or statistical calculations, some complex statistics, solve simultaneous equations, make a graph, or
run and entire simulation program, Matlab can be an eﬀective tool.
Matlab has proven to be extraordinarily versatile and capable in its ability to help solve problems
in applied math, physics, chemistry, engineering, ﬁnance – almost any application area that deals
with complex numerical calculations.
2.1 Workspace, Windows, and Help
Running Matlab
• Unix: From a terminal window, type matlab, followed by the Enter key
• Win95: doubleclick on the Matlab icon or select Matlab from Start/Programs
Display Windows
• Command window
Enter commands and data, display results
Prompt >> or EDU>>
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• Graphics (Figure) window
Display plots and graphs
Created in response to graphics commands
• Mﬁle editor/debugger window
Create and edit scripts of commands called Mﬁles
When you begin Matlab, the command window will be the active window. As commands are
executed, appropriate windows will automatically appear; you can activate a window by clicking
the mouse in it.
Getting Help
• help – Online help, display text at command line
help, by itself, lists all help topics
help topic provides help for the speciﬁed topic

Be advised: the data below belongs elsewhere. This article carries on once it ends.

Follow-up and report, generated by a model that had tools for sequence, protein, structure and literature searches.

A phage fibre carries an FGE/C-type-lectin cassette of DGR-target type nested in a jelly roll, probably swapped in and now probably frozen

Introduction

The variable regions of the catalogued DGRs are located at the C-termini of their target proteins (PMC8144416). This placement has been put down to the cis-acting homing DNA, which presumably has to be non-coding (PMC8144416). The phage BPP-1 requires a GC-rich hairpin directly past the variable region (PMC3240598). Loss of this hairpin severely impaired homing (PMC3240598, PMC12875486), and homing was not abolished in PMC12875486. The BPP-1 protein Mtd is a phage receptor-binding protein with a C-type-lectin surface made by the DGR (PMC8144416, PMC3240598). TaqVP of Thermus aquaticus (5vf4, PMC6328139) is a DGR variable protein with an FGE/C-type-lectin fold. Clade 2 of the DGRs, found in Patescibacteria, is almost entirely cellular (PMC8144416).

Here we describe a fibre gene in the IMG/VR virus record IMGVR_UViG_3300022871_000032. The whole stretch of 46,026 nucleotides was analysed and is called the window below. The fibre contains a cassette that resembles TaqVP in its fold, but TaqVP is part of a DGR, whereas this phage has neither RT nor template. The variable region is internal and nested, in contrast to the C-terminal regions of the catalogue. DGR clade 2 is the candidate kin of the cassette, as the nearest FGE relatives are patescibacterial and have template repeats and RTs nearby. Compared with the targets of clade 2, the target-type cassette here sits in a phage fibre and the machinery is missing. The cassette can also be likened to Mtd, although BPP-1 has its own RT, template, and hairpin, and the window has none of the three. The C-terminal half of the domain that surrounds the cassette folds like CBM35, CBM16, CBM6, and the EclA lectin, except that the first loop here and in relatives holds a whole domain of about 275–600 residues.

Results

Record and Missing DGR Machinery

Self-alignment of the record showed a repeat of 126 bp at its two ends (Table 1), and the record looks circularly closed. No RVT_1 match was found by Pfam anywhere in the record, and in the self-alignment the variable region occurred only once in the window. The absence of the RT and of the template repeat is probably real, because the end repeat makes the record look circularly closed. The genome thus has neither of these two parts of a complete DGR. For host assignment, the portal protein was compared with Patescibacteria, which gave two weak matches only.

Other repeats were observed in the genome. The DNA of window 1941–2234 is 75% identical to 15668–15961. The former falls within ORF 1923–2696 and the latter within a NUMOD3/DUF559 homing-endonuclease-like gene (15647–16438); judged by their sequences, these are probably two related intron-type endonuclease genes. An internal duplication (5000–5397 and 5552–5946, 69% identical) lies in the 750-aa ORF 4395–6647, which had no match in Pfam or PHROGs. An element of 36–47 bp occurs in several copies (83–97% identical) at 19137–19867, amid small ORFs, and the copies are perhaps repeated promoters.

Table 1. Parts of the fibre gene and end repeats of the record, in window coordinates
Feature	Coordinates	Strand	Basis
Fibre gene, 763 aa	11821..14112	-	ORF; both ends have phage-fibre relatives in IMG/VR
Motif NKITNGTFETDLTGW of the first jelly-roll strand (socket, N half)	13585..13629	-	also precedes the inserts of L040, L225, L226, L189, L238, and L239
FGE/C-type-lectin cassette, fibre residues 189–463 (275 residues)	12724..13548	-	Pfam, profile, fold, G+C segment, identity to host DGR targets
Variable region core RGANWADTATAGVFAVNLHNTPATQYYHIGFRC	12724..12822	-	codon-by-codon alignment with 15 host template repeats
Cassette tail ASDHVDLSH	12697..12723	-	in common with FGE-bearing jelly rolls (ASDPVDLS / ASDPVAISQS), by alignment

help command provides help for the speciﬁed command
help help provides information on use of the help command
• helpwin – Online help, separate window for navigation.
• helpdesk – Comprehensive hypertext documentation and troubleshooting
• demo – Run demonstrations
• intro – Interactive introduction to Matlab
Interrupting and Terminating Matlab
• CtrlC (pressing the Ctrl and c keys simultaneously): Interrupts (aborts) processing, but does
not terminate Matlab. You may want to interrupt Matlab if you mistakenly command it
to display thousands of results and you wish to stop the timeconsuming display.
• quit: Terminates Matlab
• exit: Terminates Matlab
• Select Exit under File menu: Terminates Matlab (MS Windows)
2.2 Scalar Mathematics
Scalar mathematics involves operations on singlevalued variables. Matlab provides support for
scalar mathematics similar to that provided by a calculator.